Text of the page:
Ruth Kelly: Of course the House will realise that it is the poorest, lowest-paid pensioners who gain the most from the Budget proposals announced in the House yesterday, and from the successive measures that we Labour Members have taken to boost pensioners’ incomes, to tackle pensioner poverty and to make sure that women who care and who have dependent relatives are able to build up pension entitlements. The hon. Lady draws attention to an important point: what about those women who earn less than the lower earnings limit? It is right that we think about them, too, but our pension proposals are a package, and many of those women will benefit from other reforms in the system. For example, if they are spending only a short time outside the labour market on a low income, and have perhaps one or two jobs that leave them below the earnings limit, they will benefit significantly from the reduction in the number of years that they have to contribute. They will also benefit from other measures that take them out of having to pay tax in retirement. Overall, the pension deal clearly benefits women, particularly low-paid women.

Human Trafficking

19. Mr. Peter Bone (Wellingborough) (Con): If the Government will take steps to create an office of commissioner on human trafficking. [128968]

The Minister for Women and Equality (Meg Munn): After consideration, we do not believe that the creation of the office of commissioner on human trafficking is necessary or appropriate at this time. The inter-ministerial group, of which I am a member, effectively leads and monitors cross-Government work on human trafficking, which includes the soon-to-be-launched action plan and implementation of the Council of Europe convention.

Mr. Bone: Naturally, I am disappointed by the Minister’s reply. The only country in Europe that has such a commissioner is the Netherlands. I am always keen to learn from good things in Europe, and as a
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result of the Netherlands experiment and the commissioner there, we have learned much more about human trafficking and the evils going on in that country. If we only had such a commissioner in this country, we could start to tackle the problem.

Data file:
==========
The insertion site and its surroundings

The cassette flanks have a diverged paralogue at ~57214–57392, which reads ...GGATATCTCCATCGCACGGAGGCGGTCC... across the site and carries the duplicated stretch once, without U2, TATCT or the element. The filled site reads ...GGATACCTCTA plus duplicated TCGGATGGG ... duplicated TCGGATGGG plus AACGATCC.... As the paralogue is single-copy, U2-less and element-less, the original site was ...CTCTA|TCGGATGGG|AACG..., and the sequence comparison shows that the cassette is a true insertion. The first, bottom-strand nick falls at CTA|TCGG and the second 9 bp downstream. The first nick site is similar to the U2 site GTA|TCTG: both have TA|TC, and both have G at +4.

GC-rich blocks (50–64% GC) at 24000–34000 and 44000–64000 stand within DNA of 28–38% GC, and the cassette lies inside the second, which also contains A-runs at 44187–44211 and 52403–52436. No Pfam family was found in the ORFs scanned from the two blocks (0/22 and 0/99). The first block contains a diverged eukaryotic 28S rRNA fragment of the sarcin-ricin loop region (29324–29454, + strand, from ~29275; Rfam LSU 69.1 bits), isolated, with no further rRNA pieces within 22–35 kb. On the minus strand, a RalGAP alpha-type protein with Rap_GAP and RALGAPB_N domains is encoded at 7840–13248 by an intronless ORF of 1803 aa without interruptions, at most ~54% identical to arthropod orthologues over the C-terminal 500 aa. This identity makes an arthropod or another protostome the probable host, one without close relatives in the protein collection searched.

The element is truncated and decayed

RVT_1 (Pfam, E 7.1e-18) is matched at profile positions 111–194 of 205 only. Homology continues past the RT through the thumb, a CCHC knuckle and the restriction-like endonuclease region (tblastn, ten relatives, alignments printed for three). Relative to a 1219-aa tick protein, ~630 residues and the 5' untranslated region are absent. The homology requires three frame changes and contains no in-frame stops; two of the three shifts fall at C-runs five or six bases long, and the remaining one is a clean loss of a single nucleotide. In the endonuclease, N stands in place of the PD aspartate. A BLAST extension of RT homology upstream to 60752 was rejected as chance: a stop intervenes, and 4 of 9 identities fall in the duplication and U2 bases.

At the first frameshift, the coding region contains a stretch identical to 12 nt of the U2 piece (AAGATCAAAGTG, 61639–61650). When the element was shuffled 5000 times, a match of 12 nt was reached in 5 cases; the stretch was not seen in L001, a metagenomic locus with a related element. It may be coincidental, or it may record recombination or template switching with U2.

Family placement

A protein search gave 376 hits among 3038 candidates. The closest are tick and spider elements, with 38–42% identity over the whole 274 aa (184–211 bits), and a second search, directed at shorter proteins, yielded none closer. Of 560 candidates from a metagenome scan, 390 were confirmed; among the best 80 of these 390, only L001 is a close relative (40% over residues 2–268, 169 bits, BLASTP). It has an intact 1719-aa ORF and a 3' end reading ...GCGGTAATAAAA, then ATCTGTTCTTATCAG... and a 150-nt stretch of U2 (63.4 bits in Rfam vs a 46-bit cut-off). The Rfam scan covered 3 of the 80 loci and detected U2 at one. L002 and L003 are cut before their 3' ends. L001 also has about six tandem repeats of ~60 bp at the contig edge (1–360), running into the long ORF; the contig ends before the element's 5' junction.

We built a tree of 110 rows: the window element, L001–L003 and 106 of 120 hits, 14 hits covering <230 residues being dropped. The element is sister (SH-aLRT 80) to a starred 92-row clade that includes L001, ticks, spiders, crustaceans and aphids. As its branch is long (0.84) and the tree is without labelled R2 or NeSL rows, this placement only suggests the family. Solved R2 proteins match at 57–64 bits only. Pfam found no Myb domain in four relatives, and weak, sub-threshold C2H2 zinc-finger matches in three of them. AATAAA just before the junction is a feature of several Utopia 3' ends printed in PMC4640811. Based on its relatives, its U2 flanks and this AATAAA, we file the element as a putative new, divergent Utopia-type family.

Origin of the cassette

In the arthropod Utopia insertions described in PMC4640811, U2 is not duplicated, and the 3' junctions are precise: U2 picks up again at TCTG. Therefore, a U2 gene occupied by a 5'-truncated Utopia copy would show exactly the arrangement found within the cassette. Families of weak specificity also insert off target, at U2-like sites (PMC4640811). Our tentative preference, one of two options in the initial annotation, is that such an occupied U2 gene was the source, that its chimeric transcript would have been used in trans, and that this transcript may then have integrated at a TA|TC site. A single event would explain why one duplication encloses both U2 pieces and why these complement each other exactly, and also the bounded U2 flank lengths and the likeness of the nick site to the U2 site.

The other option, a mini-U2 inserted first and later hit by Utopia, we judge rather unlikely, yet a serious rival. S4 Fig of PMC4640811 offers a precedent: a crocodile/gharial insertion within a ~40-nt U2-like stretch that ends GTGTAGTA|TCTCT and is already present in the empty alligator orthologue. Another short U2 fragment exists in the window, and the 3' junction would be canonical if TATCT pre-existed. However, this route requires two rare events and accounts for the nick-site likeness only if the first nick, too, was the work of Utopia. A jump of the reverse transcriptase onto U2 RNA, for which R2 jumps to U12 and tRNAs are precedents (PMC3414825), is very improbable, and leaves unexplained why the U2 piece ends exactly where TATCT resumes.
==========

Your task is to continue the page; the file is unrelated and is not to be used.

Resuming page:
Meg Munn: I pay tribute to the hon. Gentleman and many other hon. Members on both sides of the House for their interest in and concern about the issue. I am sure that he, like me, wants effective action. Of course, we Labour Members are always happy to learn from our European partners about what measures are working, but it is important to consider what progress we can make in this country. The inter-ministerial group that looks into such issues has been in place for some time. It enables us to bring together the work being done in many Departments across Government. There is now a United Kingdom Human Trafficking Centre, which is the first centre of its kind in Europe, and we are bringing together all the work on the issue. We continue to make progress, but we will of course continue to look at what works elsewhere.

Mr. Sadiq Khan (Tooting) (Lab): My hon. Friend will be aware that earlier this week there was an excellent debate on the commemoration of the 200th anniversary of the abolition of slavery. She attended the entire debate, and will have heard the comparisons that were drawn between modern-day slavery—human trafficking—and slavery 200 years ago. In the light of that, will she let us know what progress has been made in ratifying the Council of Europe treaty to which she referred earlier?

Meg Munn: My hon. Friend says that we had an extremely interesting debate, and indeed we did; it was possibly the most interesting and informative debate that I have attended in this House. He rightly draws a parallel, and I am pleased to say that the Council of Europe convention will be signed tomorrow. We will set out the action that we will take to move towards ratification. The Government take signing such conventions seriously, and have not wanted to do so until we were in a position to make rapid progress towards ratifying it. The UK human trafficking action plan will be published at the same time, and that will give hon. Members a great deal more detail on the subject.

Equal Opportunities (Ethnicity)

20. Mr. Philip Hollobone (Kettering) (Con): What guidance she issues to other Government Departments on the use of ethnicity as a factor in decision making. [128969]

The Minister for Women and Equality (Meg Munn): The Commission for Racial Equality, on behalf of the Government, issues guidance to public authorities on meeting their obligations under the Race Relations (Amendment) Act 2000. The commission issued a statutory code of practice in 2002 on the steps that public authorities can and should take to meet those obligations.

Mr. Hollobone: My constituents who work at Her Majesty’s Prison Service office at Crown house in Corby are disgusted that the Prison Service should cite